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HI136 The History of Germany Lecture 14 The Second World War.

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1 HI136 The History of Germany Lecture 14 The Second World War

2 German Foreign Policy, Oct Germany leaves League of Nations and Disarmament Conference Jan Non-Aggression Pact with Poland Jan The Saar votes to return to Germany March Hitler announces reintroduction of conscription April 1935 Stresa conference, Britain, France, and Italy protest against German infringement of Versailles June 1935 Anglo-German Naval Agreement on an enlarged German Navy Oct Italy invades Abyssinia January 1936 Mussolini ends Italian guarantee of Austrian independence March 1936 German troops reoccupy the demilitarised Rhineland July 1936 Germany sends military to help the nationalist rebels in Spain Nov Rome – Berlin Axis announced; Anti-Comintern Pact with Japan Nov Italy joins Anti-Comintern Pact

3 German Foreign Policy March 1938 Invasion of Austria (Anschluss) Sept Munich conference of Germany, Italy, France, Britain Oct Germany takes Sudetenland, Teschen to Poland March 1939 Germany occupies Czechoslovakia March 1939 Germany occupies Memel March 1939 Britain and France guarantee Poland One woman’s reaction to the German entry into the Sudetenland, Sept

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5 The Nazi-Soviet Pact, 23 August 1939 Article I. Both High Contracting Parties obligate themselves to desist from any act of violence, any aggressive action, and any attack on each other, either individually or jointly with other Powers. Article II. Should one of the High Contracting Parties become the object of belligerent action by a third Power, the other High Contracting Party shall in no manner lend its support to this third Power. Secret Additional Protocol: Article I. In the event of a territorial and political rearrangement in the areas belonging to the Baltic States (Finland, Estonia, Latvia, Lithuania), the northern boundary of Lithuania shall represent the boundary of the spheres of influence of Germany and U.S.S.R. In this connection the interest of Lithuania in the Vilna area is recognized by each party. Article II. In the event of a territorial and political rearrangement of the areas belonging to the Polish state, the spheres of influence of Germany and the U.S.S.R. shall be bounded approximately by the line of the rivers Narev, Vistula and San. The question of whether the interests of both parties make desirable the maintenance of an independent Polish States and how such a state should be bounded can only be definitely determined in the course of further political developments. In any event both Governments will resolve this question by means of a friendly agreement. Article III. With regard to Southeastern Europe attention is called by the Soviet side to its interest in Bessarabia. The German side declares its complete political disinterestedness in these areas. Article IV. This protocol shall be treated by both parties as strictly secret. “Rendezvous”, by David Low, The Evening Standard, 20 September 1939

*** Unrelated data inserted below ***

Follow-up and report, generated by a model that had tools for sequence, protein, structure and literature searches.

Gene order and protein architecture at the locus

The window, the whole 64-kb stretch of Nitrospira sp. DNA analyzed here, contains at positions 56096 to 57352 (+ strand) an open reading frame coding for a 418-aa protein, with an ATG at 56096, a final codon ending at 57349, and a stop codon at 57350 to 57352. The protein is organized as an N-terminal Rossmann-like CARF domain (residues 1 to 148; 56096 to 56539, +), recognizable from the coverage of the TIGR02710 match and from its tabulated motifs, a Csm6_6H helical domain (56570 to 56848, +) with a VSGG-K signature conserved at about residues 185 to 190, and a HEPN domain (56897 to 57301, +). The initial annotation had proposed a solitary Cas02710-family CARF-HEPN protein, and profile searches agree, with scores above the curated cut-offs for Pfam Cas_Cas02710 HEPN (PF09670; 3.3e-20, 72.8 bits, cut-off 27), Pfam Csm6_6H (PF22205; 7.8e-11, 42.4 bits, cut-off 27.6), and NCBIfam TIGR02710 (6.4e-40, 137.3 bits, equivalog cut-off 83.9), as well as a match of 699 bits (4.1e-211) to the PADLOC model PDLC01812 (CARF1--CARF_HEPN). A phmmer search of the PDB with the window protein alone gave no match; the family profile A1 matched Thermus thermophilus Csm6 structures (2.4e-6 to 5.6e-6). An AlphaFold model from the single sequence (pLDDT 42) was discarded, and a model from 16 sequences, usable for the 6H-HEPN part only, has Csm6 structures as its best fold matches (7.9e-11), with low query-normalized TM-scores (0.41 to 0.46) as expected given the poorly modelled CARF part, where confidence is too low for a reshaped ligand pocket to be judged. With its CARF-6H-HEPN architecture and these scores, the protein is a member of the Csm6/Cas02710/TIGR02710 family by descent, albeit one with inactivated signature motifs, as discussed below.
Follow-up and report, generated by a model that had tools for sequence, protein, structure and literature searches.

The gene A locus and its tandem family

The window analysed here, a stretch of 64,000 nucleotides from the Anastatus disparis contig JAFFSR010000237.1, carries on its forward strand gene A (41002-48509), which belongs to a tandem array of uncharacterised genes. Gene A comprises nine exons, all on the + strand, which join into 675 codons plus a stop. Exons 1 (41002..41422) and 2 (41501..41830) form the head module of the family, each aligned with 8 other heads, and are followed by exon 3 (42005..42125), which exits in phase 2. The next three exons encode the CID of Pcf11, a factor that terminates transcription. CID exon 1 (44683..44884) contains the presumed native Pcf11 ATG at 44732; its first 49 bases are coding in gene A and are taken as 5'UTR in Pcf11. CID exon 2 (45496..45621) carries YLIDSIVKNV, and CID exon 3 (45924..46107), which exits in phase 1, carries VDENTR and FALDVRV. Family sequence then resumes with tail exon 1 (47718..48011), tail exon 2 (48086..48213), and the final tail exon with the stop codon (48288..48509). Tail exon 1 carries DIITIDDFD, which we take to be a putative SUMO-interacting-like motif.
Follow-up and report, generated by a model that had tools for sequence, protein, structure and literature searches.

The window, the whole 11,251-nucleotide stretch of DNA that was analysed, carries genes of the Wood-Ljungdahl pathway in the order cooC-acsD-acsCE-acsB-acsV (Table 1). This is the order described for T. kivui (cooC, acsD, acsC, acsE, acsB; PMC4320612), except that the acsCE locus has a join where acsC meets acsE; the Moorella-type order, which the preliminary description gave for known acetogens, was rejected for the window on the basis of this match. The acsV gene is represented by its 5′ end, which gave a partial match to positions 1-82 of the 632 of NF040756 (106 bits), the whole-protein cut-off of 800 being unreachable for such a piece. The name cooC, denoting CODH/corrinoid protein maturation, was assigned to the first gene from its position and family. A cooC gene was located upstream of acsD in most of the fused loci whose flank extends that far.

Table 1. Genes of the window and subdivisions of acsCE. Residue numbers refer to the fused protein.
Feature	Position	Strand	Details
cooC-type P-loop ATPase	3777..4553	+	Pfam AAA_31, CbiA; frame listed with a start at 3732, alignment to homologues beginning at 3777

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7 Blitzkrieg Germany had only begun to rearm in 1935 – they needed tactics to offset their numerical inferiority. Emphasis on speed and movement – use of modern technology (tanks, air power, paratroops etc.) to avoid the long drawn-out war of attrition. Break through enemy lines, seize key objectives, present the enemy with a fait accompli before they can react. Schwerpunkt (focal point) – concentrate forces to break through enemy lines at a single point. Speed of movement would then allow the Germans to paralyse the enemy’s decision-making and limit their freedom of action.

8 The Polish Campaign, 1-28 Sept Source: R. Overy, The Penguin Historical Atlas of the Third Reich Right: Campaigns in western Europe and the Mediterranean, April 1940-April 1941 Source: The Encyclopaedia of the German Army in the 20 th Century

9 The Battle of Britain Air superiority necessary if Germany to mount an invasion of the British Isles. Reasons for failure to do so: German aircraft have limited range & were designed to support land forces. British fighters superior. Britain building more fighters more quickly than the Germans. Radar. Change of tactics. Source: R. Overy, The Penguin Historical Atlas of the Third Reich

10 The ‘Blitz’

11 Operation Barbarossa The largest land invasion ever seen. Three Army Groups made up of German, Italian, Hungarian and Romanian troops aim to capture key strategic areas: the Baltic coast and Leningrad (North), the Ukraine & Moscow (Centre) and the oil fields of the Caucuses (South). Intended to be a repeat of the successful Blitzkrieg in the West. Armies covered vast distances but didn’t achieve their objectives. Flaws: Operation started too late = armies at the mercy of the Russian winter. Deep penetration into Russia left supply lines exposed. Source: R. Overy, The Penguin Historical Atlas of the Third Reich (1996)